A Helping Hand

Local journalist and author Mitch Albom grapples with faith, spirituality and hope in his newest novel.

If you cried out for help, would you recognize it if it came your way? Or would your inner skeptic brush it aside? 

That is the question at the core of Mitch Albom’s newest best-selling novel, Stranger in the Lifeboat (Harper), which hit shelves in November. The Detroit Free Press columnist and sportswriter who rose to national acclaim with his 2002 memoir Tuesdays with Morrie said he is “stunned” at the brisk pace of sales for his latest novel — which has sold at a faster pace than any of his previous four books combined. The reason, he believes, is that as we enter the second year of a global pandemic, we all could use some help. 

The novel tosses the reader back and forth from land and sea. Ten strangers, survivors of a mysterious explosion aboard the luxury yacht of a billionaire, pool their meager provisions and survival skills as they await their rescue somewhere off the coast of Africa. But when help arrives, in the form of a man who calls himself The Lord, skepticism among the survivors blazes as hot as the sun that beats on them from above.

On land, we meet Jarty LeFleur, a cynical policeman on Montserrat in the Caribbean. Sometime later after the explosion, he discovers a washed-up lifeboat. It is void of any survivors but contains a waterlogged journal written by the book’s protagonist, Benji, who was part of the yacht’s crew. 

“I’ve set up a scenario where people from diverse social and racial and economic backgrounds end up in this lifeboat together,” Albom says. “After three days, they are getting desperate and are all crying out, praying to God in their own way for help. And suddenly they find someone, someone ordinary looking, floating alive in the water. And when they ask him his name and he replies that he is the Lord, instead of giving thanks, they immediately doubt his story. Even after he says, ‘You’ve been calling for me, so I came,’ they still don’t believe it. So, I pose this question to my readers, if help is right in front of you, what do you do with it? If God would suddenly appear before you and you had a minute to ask God something, what would you ask?”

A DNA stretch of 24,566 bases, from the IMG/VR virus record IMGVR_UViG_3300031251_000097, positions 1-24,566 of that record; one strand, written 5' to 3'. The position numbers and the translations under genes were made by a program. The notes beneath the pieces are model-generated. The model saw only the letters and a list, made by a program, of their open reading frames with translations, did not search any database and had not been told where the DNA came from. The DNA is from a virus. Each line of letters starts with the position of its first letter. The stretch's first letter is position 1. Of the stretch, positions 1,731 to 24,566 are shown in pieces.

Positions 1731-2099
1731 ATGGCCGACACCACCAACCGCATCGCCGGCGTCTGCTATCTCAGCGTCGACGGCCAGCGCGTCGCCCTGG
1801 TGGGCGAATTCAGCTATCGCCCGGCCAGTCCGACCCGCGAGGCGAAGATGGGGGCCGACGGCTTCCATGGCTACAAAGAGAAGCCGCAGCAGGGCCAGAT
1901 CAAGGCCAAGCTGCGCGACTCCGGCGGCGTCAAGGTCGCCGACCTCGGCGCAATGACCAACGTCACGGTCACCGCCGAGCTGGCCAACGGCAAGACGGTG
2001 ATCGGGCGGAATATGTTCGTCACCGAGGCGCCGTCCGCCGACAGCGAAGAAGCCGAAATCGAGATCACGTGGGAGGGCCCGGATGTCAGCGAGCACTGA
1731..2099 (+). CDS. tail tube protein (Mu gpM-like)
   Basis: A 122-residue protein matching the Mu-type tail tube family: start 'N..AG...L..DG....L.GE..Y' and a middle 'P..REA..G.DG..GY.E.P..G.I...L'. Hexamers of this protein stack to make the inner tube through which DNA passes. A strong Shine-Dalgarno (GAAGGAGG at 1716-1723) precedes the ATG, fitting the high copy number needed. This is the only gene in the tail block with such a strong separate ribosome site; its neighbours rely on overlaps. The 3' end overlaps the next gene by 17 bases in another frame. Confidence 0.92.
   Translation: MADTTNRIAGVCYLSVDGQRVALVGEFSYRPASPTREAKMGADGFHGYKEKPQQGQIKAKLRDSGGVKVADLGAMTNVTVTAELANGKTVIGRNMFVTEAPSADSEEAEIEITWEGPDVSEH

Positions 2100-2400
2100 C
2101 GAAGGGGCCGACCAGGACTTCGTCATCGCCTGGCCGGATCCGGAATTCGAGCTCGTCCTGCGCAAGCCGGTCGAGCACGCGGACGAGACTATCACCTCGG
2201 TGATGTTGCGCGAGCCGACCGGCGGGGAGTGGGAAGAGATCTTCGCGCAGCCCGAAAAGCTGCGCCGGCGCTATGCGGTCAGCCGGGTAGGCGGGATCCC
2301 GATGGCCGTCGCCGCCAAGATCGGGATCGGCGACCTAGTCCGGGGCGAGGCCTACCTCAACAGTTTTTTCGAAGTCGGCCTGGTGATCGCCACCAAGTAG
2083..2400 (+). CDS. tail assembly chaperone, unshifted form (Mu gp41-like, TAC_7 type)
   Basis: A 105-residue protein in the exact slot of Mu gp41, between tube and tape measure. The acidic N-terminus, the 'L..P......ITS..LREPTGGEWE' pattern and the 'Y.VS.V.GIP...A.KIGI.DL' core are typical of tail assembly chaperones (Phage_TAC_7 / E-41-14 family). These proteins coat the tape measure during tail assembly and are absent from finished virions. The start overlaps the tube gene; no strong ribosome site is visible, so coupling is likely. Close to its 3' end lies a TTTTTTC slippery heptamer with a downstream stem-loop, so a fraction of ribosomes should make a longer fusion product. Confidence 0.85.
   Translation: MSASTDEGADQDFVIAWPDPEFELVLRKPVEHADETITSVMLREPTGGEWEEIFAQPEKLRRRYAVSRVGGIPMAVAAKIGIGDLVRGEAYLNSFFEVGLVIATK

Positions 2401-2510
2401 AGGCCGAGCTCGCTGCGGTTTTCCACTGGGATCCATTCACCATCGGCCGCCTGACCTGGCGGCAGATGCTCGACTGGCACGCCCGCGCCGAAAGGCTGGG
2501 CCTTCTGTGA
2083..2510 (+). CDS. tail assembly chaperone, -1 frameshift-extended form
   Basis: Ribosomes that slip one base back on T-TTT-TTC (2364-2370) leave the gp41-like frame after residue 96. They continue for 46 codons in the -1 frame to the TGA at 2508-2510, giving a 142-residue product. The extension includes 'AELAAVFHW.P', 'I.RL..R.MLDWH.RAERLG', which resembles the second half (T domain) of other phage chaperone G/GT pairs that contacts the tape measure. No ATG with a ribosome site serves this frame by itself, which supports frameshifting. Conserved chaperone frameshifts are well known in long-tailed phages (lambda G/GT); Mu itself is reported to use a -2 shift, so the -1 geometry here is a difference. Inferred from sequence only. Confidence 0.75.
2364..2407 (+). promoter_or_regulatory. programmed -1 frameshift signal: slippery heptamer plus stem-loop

In some ways, Albom says we have spent the last two years riding out the pandemic on individual lifeboats, asking for help and trying to believe that there's got to be more to life than masks, mandates and hiding from one another. He wrote in a November 2021 Free Press column that Americans are trading in organized religion and spirituality for the church of digital and social media. We have traded in our virtue for learning how to be patient and putting things into long-term perspective for immediate gratification. If things do not go our way immediately, it feels as though God has forsaken us, he said. 

“It seems to me that we often ask for help, or pray, the way we order a sandwich at a diner,” Albom says. “We want it exactly the way we want it. And when there is no immediate answer, we feel forsaken or ignored by God.

“Our prayers get answered but it may not be the answer we were expecting,” he says. “Or the answer may take years. It’s just that we don’t have that kind of patience. We lack the foresight.” 

After reading many of Albom’s novels, one would get the notion that he is obsessed with death and mortality. He would like to put that misconception to rest.